NEXT100 provides an in-depth look at the intersection of the clean energy business and the environment. It focuses on trends in green technology, policy and the Earth’s climate that will most impact the energy industry and our customers over the next 100 years–PG&E’s second century in operation.
NEXT100 is written and edited by Jonathan Marshall, with contributions from colleagues at PG&E. Postings on NEXT100 represent the opinions of the authors and do not necessarily reflect the official position of PG&E.
Geothermal Part 1: Time to Tap California’s Potential?
Citing a new report, Jonathan Marshall writes that one of California’s oldest sources of renewable energy — geothermal — may be ripe for expansion to meet the state’s ambitious greenhouse gas reduction goals
The Case for “Picking Winners”
As Jonathan Marshall writes in his NEXT100 blog, a University of California energy economist strongly endorses the concept of the government subsidizing not only basic science research — a “no brainer” accepted by nearly all innovation scholars — but also some downstream development and deployment of new technology,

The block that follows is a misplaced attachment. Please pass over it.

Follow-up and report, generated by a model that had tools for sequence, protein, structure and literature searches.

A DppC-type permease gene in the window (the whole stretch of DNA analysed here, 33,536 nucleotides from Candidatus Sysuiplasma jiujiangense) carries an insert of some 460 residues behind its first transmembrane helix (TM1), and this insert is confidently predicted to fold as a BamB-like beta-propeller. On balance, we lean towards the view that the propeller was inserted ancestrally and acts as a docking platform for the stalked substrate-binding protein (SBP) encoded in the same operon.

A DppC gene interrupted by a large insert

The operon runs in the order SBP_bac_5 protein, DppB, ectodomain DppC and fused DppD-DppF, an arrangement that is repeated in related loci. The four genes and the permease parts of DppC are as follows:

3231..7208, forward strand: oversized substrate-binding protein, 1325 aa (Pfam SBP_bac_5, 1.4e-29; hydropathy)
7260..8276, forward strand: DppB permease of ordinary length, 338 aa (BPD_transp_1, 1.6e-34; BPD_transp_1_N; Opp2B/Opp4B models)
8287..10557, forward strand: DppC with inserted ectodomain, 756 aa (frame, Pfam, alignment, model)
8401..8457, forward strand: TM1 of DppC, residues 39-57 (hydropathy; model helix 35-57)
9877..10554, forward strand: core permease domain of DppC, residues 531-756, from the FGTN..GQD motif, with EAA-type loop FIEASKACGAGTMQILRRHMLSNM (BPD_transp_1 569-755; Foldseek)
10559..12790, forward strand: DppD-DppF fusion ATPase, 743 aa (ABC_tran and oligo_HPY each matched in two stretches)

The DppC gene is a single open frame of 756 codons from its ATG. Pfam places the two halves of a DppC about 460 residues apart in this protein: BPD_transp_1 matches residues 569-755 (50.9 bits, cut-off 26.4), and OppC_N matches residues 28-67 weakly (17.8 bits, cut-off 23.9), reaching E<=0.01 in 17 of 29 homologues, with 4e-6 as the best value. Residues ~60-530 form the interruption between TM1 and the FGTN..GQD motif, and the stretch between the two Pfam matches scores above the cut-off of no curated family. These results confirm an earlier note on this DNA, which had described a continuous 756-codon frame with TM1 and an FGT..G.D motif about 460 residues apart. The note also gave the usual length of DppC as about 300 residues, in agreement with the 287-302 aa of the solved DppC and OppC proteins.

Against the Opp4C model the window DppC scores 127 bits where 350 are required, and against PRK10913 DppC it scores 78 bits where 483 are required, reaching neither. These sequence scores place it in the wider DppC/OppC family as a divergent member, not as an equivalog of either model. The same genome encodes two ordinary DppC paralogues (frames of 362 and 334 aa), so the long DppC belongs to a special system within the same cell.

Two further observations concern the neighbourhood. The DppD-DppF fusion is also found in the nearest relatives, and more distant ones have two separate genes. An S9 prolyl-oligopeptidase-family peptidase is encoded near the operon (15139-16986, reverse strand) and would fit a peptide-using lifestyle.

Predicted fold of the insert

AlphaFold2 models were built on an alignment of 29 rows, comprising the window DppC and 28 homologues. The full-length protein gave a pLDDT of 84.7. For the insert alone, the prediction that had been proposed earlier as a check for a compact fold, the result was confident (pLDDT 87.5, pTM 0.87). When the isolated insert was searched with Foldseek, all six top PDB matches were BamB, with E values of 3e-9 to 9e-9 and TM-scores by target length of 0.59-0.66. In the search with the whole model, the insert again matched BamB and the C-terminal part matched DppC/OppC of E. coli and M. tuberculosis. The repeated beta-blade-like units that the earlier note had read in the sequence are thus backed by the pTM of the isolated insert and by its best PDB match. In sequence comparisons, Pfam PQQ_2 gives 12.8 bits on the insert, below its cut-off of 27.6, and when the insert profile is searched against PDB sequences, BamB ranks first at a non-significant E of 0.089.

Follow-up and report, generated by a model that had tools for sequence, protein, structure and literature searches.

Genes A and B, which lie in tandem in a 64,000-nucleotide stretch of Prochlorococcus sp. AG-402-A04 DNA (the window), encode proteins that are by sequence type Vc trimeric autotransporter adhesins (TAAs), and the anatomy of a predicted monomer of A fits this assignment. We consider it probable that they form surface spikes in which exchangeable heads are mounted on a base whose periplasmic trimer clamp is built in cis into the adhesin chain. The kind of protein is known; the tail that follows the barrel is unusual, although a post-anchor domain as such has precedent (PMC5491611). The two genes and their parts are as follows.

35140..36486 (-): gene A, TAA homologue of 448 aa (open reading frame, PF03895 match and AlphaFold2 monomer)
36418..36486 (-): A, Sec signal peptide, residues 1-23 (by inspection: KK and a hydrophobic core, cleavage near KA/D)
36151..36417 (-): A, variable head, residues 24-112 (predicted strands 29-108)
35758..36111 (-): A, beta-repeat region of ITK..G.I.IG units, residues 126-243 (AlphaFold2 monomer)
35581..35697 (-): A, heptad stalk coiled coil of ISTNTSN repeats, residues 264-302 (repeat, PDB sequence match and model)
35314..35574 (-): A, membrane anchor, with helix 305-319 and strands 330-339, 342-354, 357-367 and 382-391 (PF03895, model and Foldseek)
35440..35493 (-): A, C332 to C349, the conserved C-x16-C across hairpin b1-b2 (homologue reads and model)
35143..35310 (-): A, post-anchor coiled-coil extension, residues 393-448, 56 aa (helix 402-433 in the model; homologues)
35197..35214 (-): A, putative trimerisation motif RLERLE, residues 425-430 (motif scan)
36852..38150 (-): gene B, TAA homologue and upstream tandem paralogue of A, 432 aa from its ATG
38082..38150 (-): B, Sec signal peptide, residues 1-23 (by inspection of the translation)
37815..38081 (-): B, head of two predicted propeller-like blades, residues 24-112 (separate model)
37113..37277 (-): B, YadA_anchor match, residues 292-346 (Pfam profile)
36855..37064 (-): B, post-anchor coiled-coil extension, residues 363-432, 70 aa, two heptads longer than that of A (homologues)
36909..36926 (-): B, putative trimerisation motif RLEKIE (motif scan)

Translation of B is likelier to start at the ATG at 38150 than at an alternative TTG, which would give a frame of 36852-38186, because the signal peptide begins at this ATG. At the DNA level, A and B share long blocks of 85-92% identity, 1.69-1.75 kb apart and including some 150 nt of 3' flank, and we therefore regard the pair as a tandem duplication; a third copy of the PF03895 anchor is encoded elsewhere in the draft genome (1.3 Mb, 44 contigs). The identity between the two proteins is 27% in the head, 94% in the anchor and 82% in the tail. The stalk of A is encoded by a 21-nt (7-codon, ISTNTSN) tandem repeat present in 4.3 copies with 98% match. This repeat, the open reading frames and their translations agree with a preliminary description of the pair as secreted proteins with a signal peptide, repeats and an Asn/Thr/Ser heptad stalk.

The Puzzling Psychology of Climate Change Denial
Working with supercomputers, satellites and Earth sensors, scientists are steadily cracking the secrets of global warming. But so far, as Jonathan Marshall writes in his NEXT100 blog, they’ve barely begun to understand the biggest puzzle of all: the psychology of climate change denial.
Truck Makers Go on a Diet for Fuel Efficiency
With tougher fuel economy standards coming for medium- and heavy-duty trucks, companies are starting to unveil some innovative designs, writes Jonathan Marshall in his NEXT100 blog.
PG&E Keeps an Eye Out for California Mega-Storms
Rain and snow will help alleviate California’s drought. But, as Jonathan Marshall notes in his Next100 blog, a century and a half ago, California’s farmer and ranchers were likewise “praying for rain after two exceptionally dry decades.” Unfortunately, their prayers were answered with rains of Biblical proportions, which led to the worst flooding in California’s history.